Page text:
Fall of France – post IV

As Jackson moves onto look at the performance of the French army it is almost impossible to not draw comparisons with the feelings shown in 1914. The difference that did have a real impact was the phoney war that managed to work in the favour of the Germans dragging down confidence and morale.

When the fighting did start missed messages, a tendency to panic and a lack of air support meant that the Germans were able to bypass pockets of resistance.

Bullet points from pages 150 – 200

* By the time the war started the peace movement had virtually disappeared being both discredited and politically unfashionable and most people were resigned to going to war

* Once in the firing line some troops fought well but the phoney war had already reduced morale and the training had been poor and Jackson quotes from Sartre’s diaries to illustrate the level of boredom in the mobilised troops

* A lack of communication led to panic and retreat that was fuelled by the superiority of the German army and air support with Stuka bombers peppering French defences with bombs uncontested for hours at a time

* But there were real accounts of bravery and resistance and for a while the French even thought they might hold out on the Somme-Ainse line that they tried to keep the Germans back from but that passed and the roads became clogged with those evacuating and heading South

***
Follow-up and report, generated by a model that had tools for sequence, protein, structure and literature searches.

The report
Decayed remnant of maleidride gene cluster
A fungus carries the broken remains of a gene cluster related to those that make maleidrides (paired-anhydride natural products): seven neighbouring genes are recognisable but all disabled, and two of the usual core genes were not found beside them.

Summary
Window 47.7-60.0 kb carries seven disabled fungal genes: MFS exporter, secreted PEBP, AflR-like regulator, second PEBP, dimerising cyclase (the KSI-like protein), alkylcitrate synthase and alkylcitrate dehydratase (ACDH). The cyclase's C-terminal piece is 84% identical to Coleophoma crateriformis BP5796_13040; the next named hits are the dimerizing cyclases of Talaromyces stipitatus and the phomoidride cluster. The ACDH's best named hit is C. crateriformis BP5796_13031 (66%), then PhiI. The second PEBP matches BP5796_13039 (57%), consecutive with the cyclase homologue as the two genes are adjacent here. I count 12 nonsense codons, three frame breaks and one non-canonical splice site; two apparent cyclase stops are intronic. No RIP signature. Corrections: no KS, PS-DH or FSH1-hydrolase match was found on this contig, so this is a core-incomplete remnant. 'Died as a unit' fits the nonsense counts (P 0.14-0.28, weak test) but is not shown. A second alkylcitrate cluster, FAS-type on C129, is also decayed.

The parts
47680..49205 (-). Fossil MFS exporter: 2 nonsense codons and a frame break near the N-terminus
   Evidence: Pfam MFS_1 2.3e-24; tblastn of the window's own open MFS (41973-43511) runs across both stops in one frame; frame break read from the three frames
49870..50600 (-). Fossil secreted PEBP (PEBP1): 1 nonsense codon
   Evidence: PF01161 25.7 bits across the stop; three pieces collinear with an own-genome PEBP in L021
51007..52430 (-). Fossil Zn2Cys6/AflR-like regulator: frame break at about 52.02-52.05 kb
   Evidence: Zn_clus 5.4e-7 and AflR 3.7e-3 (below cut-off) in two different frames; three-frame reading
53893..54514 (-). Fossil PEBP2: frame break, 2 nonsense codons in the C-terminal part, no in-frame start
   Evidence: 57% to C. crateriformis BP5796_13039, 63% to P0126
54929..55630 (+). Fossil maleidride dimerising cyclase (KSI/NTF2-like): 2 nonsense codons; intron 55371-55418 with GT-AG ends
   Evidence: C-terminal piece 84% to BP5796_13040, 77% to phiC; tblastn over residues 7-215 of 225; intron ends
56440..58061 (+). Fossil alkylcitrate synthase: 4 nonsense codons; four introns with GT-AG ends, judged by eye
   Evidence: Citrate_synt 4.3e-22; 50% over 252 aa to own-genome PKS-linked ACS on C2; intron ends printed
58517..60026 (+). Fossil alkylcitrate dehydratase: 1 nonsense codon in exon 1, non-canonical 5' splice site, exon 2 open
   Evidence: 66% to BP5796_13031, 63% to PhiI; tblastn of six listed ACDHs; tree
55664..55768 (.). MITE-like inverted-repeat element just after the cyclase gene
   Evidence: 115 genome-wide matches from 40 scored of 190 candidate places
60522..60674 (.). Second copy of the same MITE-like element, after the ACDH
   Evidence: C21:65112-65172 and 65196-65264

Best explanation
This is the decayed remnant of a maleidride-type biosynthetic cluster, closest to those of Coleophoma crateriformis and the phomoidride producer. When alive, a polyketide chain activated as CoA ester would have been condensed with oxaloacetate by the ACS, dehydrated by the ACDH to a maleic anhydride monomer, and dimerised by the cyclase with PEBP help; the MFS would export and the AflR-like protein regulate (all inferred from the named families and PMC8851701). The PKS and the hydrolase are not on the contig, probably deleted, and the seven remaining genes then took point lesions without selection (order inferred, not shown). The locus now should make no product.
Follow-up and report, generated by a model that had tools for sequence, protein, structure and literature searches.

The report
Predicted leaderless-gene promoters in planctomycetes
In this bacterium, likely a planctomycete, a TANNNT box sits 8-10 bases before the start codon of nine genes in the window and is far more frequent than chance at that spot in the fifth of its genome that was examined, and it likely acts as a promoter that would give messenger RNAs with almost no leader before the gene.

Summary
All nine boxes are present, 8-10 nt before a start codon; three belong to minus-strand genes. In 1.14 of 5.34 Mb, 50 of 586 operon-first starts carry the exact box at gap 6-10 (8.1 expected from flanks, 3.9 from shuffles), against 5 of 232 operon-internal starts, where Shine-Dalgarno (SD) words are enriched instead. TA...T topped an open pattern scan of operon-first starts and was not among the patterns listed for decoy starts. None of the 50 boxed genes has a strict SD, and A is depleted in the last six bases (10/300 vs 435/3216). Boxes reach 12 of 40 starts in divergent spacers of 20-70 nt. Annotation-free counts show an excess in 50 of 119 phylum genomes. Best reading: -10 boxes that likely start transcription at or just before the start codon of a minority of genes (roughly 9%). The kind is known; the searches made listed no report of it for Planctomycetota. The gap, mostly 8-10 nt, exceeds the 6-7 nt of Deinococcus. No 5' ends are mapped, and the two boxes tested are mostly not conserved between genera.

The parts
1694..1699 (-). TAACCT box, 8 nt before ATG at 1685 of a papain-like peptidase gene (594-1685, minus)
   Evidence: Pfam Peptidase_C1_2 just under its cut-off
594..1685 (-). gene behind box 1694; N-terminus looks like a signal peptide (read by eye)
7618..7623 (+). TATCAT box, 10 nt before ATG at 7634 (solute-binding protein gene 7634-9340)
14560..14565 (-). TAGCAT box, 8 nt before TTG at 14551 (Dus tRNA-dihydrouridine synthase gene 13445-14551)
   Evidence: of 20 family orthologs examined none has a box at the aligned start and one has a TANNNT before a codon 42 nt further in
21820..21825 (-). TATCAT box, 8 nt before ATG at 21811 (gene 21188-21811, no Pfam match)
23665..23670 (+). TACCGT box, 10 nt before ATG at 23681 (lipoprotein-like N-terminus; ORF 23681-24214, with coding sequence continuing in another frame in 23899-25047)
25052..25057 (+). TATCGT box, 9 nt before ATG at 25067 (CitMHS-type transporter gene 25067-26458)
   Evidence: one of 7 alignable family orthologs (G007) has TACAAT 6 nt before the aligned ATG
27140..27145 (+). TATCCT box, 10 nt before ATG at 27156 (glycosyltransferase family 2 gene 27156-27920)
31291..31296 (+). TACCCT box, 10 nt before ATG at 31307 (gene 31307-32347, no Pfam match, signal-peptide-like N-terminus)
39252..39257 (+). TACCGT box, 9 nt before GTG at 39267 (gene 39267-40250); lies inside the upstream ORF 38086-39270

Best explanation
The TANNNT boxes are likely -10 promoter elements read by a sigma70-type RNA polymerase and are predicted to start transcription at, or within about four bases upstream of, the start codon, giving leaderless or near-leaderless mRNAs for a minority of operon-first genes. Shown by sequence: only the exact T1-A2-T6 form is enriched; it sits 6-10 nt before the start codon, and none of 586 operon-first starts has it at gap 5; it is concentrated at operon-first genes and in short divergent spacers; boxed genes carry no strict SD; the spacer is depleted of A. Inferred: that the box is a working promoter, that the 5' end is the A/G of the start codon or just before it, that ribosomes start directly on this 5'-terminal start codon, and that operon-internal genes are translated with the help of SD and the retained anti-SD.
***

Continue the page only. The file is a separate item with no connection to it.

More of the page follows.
* Following the defeat a committee was set up to look at the reasons for it and although it did not conclude its findings until 1954 it turned into an opportunity for the various sides to try and shift the blame and point the finger

* French historians ironically largely ignored the conflict and until de Gaulle ended his term in office there were just a few histories of the defeat but after the great general, who did his fair share of revising history, was gone the floodgates started to open a little bit more

* When objective comparisons are made between the state of France in 1914 and 1940 the country was no better off at the outbreak of the First World War the difference was the victory at Marne in the first conflict that helped build morale and helped settle nerves

The final chunk of this interesting look at the vital period when France turned from a potential block to Hitler’s ambitions to an easy opponent tomorrow…

Advertisements

Leave a Reply

Fill in your details below or click an icon to log in:

WordPress.com Logo

You are commenting using your WordPress.com account. Log Out / Change )

Twitter picture

You are commenting using your Twitter account. Log Out / Change )

Facebook photo

You are commenting using your Facebook account. Log Out / Change )

Google+ photo

You are commenting using your Google+ account. Log Out / Change )

Connecting to %s